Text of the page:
The full potential of reducing electricity demand is still far from being realised in the UK, despite being a low cost, low pollution and health improving way to reduce reliance on imported fossil energy.
The UK has considerable scope to turn megawatts into ‘negawatts’. Very conservative government figures suggest that almost 39TWh could be reduced, amounting to ten per cent of the country’s predicted total electricity demand for 2030.
This could lower consumer energy bills by reducing the need for new, costly generation capacity and its associated infrastructure. Our new report, Kickstarting the negawatts market, published today, shows that negawatts could result in a peak load reduction of 6.4GW, equivalent to the capacity of eight 800MW gas power stations. This would achieve a £3.9 billion cut in capital costs in 2030.
US examples show negawatts are a reliable way to cut peak demand
As well as lowering bills, fulfilling this potential will decrease the UK’s exposure to volatile energy prices, contribute to reducing greenhouse gas emissions and, importantly for the expected electricity supply crunch, lower peak demand.
It is this last property of negawatts that has caught the eye of the Department of Energy and Climate Change. It established yesterday a two year, £20 million pilot to see how and whether electricity demand reduction (EDR) measures can participate in the new capacity market. This is designed to ensure that sufficient capacity is available at peak demand periods and will reward market participants simply for being on tap.
Using examples of US capacity markets which include negawatts, our report demonstrates that negawatts are arguably the most reliable means to shave off peak demand. They’ve reduced the cost of achieving the requisite capacity and prevented unnecessary investment in grid upgrades. Their success has relied on the collection of good data about how much demand has been reduced which has enabled better infrastructure planning. To realise this crucial economic benefit of negawatts, to bring down supply side investment in the UK, the data collected needs to be sufficiently robust to allow decisions to be made with confidence.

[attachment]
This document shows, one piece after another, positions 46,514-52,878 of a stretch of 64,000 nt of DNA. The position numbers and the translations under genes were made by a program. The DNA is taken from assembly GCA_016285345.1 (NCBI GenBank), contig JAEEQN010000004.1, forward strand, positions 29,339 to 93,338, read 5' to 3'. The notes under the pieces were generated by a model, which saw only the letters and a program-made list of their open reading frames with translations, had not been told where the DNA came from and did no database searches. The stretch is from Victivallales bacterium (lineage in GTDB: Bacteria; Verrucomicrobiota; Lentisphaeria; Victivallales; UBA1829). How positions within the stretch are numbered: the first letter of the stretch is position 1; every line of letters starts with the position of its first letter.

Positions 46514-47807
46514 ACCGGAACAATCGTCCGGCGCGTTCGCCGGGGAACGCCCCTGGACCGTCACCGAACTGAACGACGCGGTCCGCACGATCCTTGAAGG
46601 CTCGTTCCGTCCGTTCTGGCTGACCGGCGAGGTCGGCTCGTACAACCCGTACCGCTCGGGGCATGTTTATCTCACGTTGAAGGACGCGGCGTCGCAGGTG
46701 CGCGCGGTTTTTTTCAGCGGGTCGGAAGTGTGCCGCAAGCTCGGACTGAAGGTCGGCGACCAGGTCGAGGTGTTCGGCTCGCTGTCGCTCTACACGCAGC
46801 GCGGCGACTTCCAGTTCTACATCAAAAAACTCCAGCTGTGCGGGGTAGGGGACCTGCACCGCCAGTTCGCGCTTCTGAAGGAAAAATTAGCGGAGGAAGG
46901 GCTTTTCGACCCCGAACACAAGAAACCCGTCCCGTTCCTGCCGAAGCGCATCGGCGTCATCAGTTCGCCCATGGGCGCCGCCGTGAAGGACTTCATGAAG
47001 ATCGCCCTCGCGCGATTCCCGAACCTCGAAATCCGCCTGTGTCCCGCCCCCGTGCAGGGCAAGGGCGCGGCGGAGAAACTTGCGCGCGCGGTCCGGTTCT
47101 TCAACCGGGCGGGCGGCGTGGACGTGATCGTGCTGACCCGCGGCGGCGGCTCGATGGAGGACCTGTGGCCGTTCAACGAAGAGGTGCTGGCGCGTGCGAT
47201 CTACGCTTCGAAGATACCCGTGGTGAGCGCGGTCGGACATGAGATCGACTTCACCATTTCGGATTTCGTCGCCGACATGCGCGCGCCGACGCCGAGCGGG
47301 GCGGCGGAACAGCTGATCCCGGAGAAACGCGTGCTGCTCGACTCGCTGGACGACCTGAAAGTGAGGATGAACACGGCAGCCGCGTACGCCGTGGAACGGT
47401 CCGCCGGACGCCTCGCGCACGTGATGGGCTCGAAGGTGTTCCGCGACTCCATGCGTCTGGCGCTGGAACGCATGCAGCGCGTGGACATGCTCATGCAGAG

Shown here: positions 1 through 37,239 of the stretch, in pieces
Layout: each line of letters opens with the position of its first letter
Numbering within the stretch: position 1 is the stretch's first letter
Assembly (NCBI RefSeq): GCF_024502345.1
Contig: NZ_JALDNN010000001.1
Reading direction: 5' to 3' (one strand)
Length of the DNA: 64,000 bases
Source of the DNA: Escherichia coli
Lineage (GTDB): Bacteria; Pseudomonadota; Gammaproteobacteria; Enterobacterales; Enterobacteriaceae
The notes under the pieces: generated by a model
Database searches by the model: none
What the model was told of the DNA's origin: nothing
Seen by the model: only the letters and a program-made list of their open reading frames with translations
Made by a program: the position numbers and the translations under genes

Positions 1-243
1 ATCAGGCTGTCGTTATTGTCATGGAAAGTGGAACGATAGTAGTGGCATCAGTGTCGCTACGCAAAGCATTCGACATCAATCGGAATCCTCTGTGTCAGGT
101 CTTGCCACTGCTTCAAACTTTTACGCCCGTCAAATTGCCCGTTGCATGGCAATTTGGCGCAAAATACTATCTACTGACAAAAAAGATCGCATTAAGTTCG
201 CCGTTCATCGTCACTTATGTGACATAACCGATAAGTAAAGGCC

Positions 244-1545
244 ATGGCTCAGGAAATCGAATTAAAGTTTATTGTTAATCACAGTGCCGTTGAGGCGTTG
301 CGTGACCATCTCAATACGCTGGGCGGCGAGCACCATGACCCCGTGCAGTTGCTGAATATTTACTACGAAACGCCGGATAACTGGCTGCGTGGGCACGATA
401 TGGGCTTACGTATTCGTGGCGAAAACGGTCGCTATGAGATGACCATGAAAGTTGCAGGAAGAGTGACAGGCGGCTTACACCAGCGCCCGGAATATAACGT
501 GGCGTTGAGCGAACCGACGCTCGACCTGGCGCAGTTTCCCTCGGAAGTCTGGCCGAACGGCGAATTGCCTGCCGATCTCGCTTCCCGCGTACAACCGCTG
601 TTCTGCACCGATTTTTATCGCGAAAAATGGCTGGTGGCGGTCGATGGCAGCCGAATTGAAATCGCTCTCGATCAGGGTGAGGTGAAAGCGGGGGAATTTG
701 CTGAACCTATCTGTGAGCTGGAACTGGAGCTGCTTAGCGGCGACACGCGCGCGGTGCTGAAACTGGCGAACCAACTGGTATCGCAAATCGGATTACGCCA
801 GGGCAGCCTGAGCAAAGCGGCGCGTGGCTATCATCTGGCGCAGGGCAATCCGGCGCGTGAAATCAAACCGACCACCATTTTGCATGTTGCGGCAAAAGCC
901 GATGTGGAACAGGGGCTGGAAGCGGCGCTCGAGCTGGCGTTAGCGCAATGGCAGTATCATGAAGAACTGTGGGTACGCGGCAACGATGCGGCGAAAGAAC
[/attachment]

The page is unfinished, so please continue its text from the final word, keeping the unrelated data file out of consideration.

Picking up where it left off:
Negawatts need to compete fairly in the capacity market
For negawatts to compete effectively against supply side measures, it is important that there are no unfair imbalances in the rules for supply and demand side in the capacity market. So the EDR pilot should not be setting unhelpful precedents. Capacity payments are made simply for a service being prepared to help meet peak demand; restrictions on negawatts but not for electricity generators, such as ruling out negawatts projects with short payback periods, would be a market distortion. The success of the US capacity markets is partly down to the lack of any similar restrictions.
The US markets have been driven by strong energy savings obligations, and the fact that other revenue streams, including from New England’s own emissions trading scheme, have helped to support negawatts’ rapid deployment.
The pilot’s not recognising the other benefits of negawatts
In this context, it‘s unfortunate that the UK has decided to exclude any negawatts project already receiving support from elsewhere in the pilot. The EDR pilot’s capacity payment is intended solely to reward participants able to meet peak demand, so the other clear benefits of negawatts, like better health and reduced emissions, are going to be undervalued in the pilot and would need to be supported by other sources.
The pilot scheme is using an auction to decide participation, to replicate the experience of the capacity market. While this will provide information on the price bidding in and perhaps some indication of demand, using this purely market based approach runs the risk that the pilot will not achieve sufficient breadth of projects to test the system. We’ve recommended that the prequalification process ensures a good mix of actors, by setting auction criteria not solely based on least cost, but also project diversity.
Will the payments be enough to support deep retrofits?
Another risk of the pilot’s short duration of two years is that payments will be insufficient to tip the balance towards those schemes that make desirable deeper energy efficiency retrofits more affordable. This could again reduce the potential diversity of projects bidding to join. The government should be giving clear guarantees to investors that, although the pilot will only run for two years, there will be some sort of guaranteed support for negawatts beyond this period that pilot projects will also be eligible for.
With energy security and consumer bills so high on the political agenda, serious investment in negawatts is a must, as an easy way to keep the lights on, bring costs down and tackle climate change.